- Environment: It may be a reach, but I would put forth that staying in the city produces lower amounts of greenhouse gasses per person than in suburban or rural areas due to greater energy efficiencies. The mode of transportation could have quite an impact on this and other issues with which a city must contend related to space and congestion.
Thus, less driving and more walking is good for our city.
If one accepts this premise, and thinks there is merit to it, the next step [no pun intended] would be to ascertain how this can be accomplished.
We need to create a reason to walk. The most logical would be to create areas with more balanced or mixed uses including retail, restaurants, offices, and residential. We have this to some degree already, but need to focus on improving the walking and bike-riding experience.
- A couple of things that must also be addressed would be to make sure the walk is safe (perceived and actual) and comfortable.
- Add more effective and nicer looking lighting (like the ones being wasted lining the alley from Farquhar to Katella, ½ block east of Los Alamitos Blvd).
- Store frontages need to up their quality in addition to more and a wider selection of sidewalk trees. A few benches here and there could also add to the ambiance.
- We need to create a sense of shared environment, where folks could convene in established public places.
Throw in a few pieces of public art and you have created not only a destination, but pride in the community.
- A downtown area should be a priority. It takes time to create the momentum for downtown investment, but it is really the one neighborhood that belongs to the entire city.
- The city’s reputation hinges on its ability to attract people and businesses to the downtown area.
- Identify and focus efforts on improvements to the key paths between the community anchors.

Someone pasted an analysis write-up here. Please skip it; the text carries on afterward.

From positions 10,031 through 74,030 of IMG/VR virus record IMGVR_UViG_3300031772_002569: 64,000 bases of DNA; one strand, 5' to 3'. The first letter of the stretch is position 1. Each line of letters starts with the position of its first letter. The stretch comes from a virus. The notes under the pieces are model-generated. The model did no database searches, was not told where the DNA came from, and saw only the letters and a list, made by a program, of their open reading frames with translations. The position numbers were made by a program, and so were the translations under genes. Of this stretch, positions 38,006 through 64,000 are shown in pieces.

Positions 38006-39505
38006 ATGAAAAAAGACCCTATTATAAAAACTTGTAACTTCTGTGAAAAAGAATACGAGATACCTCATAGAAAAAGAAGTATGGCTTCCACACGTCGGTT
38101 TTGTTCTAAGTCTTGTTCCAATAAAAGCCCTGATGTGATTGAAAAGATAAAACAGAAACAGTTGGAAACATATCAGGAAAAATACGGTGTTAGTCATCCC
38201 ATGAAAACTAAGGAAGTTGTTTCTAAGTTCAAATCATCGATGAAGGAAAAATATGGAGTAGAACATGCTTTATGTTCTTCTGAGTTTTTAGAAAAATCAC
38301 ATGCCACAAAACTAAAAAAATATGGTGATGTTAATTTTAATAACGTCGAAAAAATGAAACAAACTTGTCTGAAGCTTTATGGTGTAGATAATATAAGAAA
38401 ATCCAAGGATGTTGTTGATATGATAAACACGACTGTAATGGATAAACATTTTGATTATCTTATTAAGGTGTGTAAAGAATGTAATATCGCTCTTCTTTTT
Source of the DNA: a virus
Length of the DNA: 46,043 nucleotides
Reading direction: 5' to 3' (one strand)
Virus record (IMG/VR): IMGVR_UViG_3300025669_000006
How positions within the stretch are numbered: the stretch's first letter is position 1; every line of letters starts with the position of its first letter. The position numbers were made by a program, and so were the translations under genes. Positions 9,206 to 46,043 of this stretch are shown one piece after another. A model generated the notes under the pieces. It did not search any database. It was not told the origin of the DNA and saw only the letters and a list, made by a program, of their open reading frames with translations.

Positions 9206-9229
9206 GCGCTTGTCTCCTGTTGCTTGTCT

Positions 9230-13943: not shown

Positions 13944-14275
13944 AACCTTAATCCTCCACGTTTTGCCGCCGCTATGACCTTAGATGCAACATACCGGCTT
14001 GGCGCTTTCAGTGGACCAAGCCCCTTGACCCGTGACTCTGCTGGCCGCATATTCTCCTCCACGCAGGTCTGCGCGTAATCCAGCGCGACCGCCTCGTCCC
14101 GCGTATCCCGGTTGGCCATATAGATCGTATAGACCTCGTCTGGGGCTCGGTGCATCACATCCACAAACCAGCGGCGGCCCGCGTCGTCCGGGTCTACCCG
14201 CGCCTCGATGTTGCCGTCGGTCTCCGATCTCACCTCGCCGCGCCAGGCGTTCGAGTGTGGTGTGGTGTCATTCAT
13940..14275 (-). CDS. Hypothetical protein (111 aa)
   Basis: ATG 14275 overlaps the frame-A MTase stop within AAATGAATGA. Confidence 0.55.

- And finally, we need to avoid falling into the circular negative logic associated with approach/avoidance thinking: We don’t walk or let our kids ride their bikes because it is too dangerous. But we do nothing to change the environment in which they walk or bike.
Studies have shown that traffic danger is a significant deterrent (Alliance for Biking & Walking, 2010). The numbers show impressive gains in pedestrian safety in Germany and the Netherlands over the U.S in the past decade. Several studies demonstrate the principle of “safety in numbers” (Elvik, 2009).
As the number of pedestrians and cyclists grow they become more visible, a crucial component of the safety factor.
Motorists become more aware of the sometimes unpredictable moves of cyclists, and as a higher percentage of the motorists are also walking and biking, they are more likely to be more sensitive to their needs and rights. These kinds of results have been seen in a number of European cities.
“All truly great thoughts are conceived by walking.”
- Friedrich Nietzsche (1844-1900) German philosopher, cultural critic. Wrote extensively on religion, morality and science.
…And that’s just the way I see it.
As always, your perspective, diplomatically expressed, is welcome.
If you want to think about it first, you might try stepping outside for a little walk!